2020 turned out to be a year of outdoor activity, and hiking. So, we’ve written a lot about the trails in the Badlands for healthy recreation. Conversely, very few events drew people to the Badlands in 2020. These three popular trails drew the most interest in our survey of readers interested in visiting the Badlands.
Magpie is a valley, trail, and campground smack dab in the middle between the rolling beauty of the south Badlands and the deep cuts of the north Badlands.
Why: Magpie attracts people for at least four reasons. Even if you are not up for a hike on a popular trail such as the Maah Daah Hey, or the Magpie Connection, the drive is worth it.
- Magpie road gets you there. Grasslands turn into Badlands. Along the way, striking formations such as Castle Rock catch sunlight and shadows.
- Magpie Creek feeds the Little Missouri River. Following the creek is a fascinating trek through the valley.
- In the valley is the wooded Magpie Campground.
- From there you can hike to Maah Daah Hey trail (click here), the Ice Caves (click here) to the north, and Devils Pass (click here) to the south.
Where: About 2 miles north of Fairfield turn west for 15 miles.
Tip: For less than a tank of gas, take a tour. Just east of Magpie Valley, turn south on Goat Pass road or Black Tail road for an impressive drive along the ridges and hills in this region of the Badlands – rougher than the south unit, and tamer than Little Missouri State Park.
After: We like to eat at the Four Corners Café at Fairfield — when we get there early enough. The carrot cake is the best.
You’ll feel a rush of endorphins when you finish this trail — smiling inside and out. The reward of Summit Trail is the stunning views, fresh air, clear-headed relief and the heart-pumping exercise you’ll get. It’s not the popular trail it once was — because “officially” it is closed.
The trail was officially closed in 2012 because the trail followed a hillside that continues to erode and slide. So, it can be a bit tricky, and very challenging.
Why: Summit follows a ridgeline overlooking the Little Missouri River and the north unit of the Theodore Roosevelt National Park. You make up your route as you go, sometimes connecting with the old trail, making your trail. You can make it as easy or as hard as you want and get massive views of the Badlands from every hilltop.
Where: On the west edge of Highway 85, south of the Long X Bridge and the Little Missouri River Valley
Tip: Summit Campground is the trailhead. The campground includes a picnic shelter and vault toilets.
This is one of the most popular trails in the North Dakota Badlands. Rangers in the Theodore Roosevelt National Park south unit encourage people to watch the sun set from Boicourt Trail and Boicourt Overlook.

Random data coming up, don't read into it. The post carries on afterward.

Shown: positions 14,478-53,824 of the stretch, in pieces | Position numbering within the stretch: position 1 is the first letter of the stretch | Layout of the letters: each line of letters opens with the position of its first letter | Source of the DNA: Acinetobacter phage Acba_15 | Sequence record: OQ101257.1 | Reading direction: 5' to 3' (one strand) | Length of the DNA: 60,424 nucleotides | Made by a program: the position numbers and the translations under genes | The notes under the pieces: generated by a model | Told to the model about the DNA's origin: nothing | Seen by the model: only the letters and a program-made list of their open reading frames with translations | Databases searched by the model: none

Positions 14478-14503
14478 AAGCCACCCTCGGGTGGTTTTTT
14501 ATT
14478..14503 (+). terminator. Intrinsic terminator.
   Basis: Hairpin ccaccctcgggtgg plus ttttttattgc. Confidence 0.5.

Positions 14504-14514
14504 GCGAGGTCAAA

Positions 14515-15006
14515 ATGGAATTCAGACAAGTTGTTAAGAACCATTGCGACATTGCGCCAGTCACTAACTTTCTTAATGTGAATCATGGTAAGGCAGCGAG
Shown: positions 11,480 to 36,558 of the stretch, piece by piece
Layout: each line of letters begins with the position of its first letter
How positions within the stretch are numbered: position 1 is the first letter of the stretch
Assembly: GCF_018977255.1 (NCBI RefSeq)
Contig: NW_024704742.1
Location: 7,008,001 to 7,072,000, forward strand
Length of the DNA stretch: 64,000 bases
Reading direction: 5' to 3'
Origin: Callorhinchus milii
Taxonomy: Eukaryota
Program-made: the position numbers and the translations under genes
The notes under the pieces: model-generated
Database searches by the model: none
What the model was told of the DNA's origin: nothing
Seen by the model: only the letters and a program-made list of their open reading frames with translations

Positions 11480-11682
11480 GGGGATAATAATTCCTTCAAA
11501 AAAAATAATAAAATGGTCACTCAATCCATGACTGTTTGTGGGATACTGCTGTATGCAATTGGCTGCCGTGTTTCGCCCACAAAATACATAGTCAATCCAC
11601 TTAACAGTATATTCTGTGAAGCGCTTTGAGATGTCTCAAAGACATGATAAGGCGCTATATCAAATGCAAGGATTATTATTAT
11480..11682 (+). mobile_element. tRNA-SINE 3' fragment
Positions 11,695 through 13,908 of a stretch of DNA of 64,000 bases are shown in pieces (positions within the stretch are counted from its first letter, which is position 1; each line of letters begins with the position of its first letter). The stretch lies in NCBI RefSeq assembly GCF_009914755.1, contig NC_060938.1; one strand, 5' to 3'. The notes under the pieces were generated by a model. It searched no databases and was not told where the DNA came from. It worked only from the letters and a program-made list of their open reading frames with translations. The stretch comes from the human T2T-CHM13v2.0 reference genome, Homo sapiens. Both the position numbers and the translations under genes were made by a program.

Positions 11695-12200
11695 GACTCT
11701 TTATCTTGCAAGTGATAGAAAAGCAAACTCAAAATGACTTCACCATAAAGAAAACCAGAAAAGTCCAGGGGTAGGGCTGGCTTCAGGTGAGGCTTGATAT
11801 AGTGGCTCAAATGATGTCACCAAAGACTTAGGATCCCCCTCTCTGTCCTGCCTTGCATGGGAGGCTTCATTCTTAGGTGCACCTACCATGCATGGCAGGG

The first part of the trail is handicap accessible. It includes concrete pavement wheelchair turnarounds, and benches. The spring colors of the Badlands are amazing when you see them from Boicourt.
Why: About a mile and a half east of the trailhead is where the namesake ranch once stood that gave the trail its name. To the south and west is a lowland area that rangers sometimes call “the donut.” It is lowland ringed by hills, including the Boicourt Trail. If you are ready for a bit more of a challenge than the marked popular trail, go beyond the first drop, cross the pass below and back up the other side.
Where: The trailhead is a few hundred yards south of Boicourt Overlook. To get there, follow the National Park south unit scenic road east of the East River Road intersection. It’s about 20 miles from the visitor center and about 4 miles from the end of the scenic road.
Tip: Along the way, you can visit popular overlooks such as Wind Canyon. You will likely pass by or through small herds of bison, and in the evening, mule deer and elk can be seen on the ridges above the road.
At the bottom of the hill before reaching Boicourt notice the smoke coming up from the ground. A controlled burn in the park ignited a coal bed that will likely smolder for years to come.
After: When we leave the south unit, we like to eat where the locals say is the best place in the region to eat. About 10 miles east of the National Park is the popular family restaurant, Burly’s on Main Street in Belfield.
Our series of popular trails and other attractions in the North Dakota Badlands will be included in an upcoming book listing the top attractions in western ND.
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Frequently Asked Questions
Where are the North Dakota Badlands?
The North Dakota Badlands run the north-south length of the western edge of North Dakota. They start near Highway 12 at Marmarth and follow the Little Missouri River north to near Mandaree and the Little Missouri State Park.
How do I find popular trails to hike in the Badlands?
Go to the U.S. Forest Service map, the North Dakota Tourism Department, or follow Beautiful Badlands ND where we post many of the most popular trails in the Badlands.
Where can I find photographs of the North Dakota Badlands?
More than 500 images of the North Dakota Badlands can be found at this website: https://www.mykuhls.com/Beautiful/Beautifulbadlandsnd/. The images are available for purchase.
The site also includes other galleries of animals of the Badlands, events in the Badlands and other images.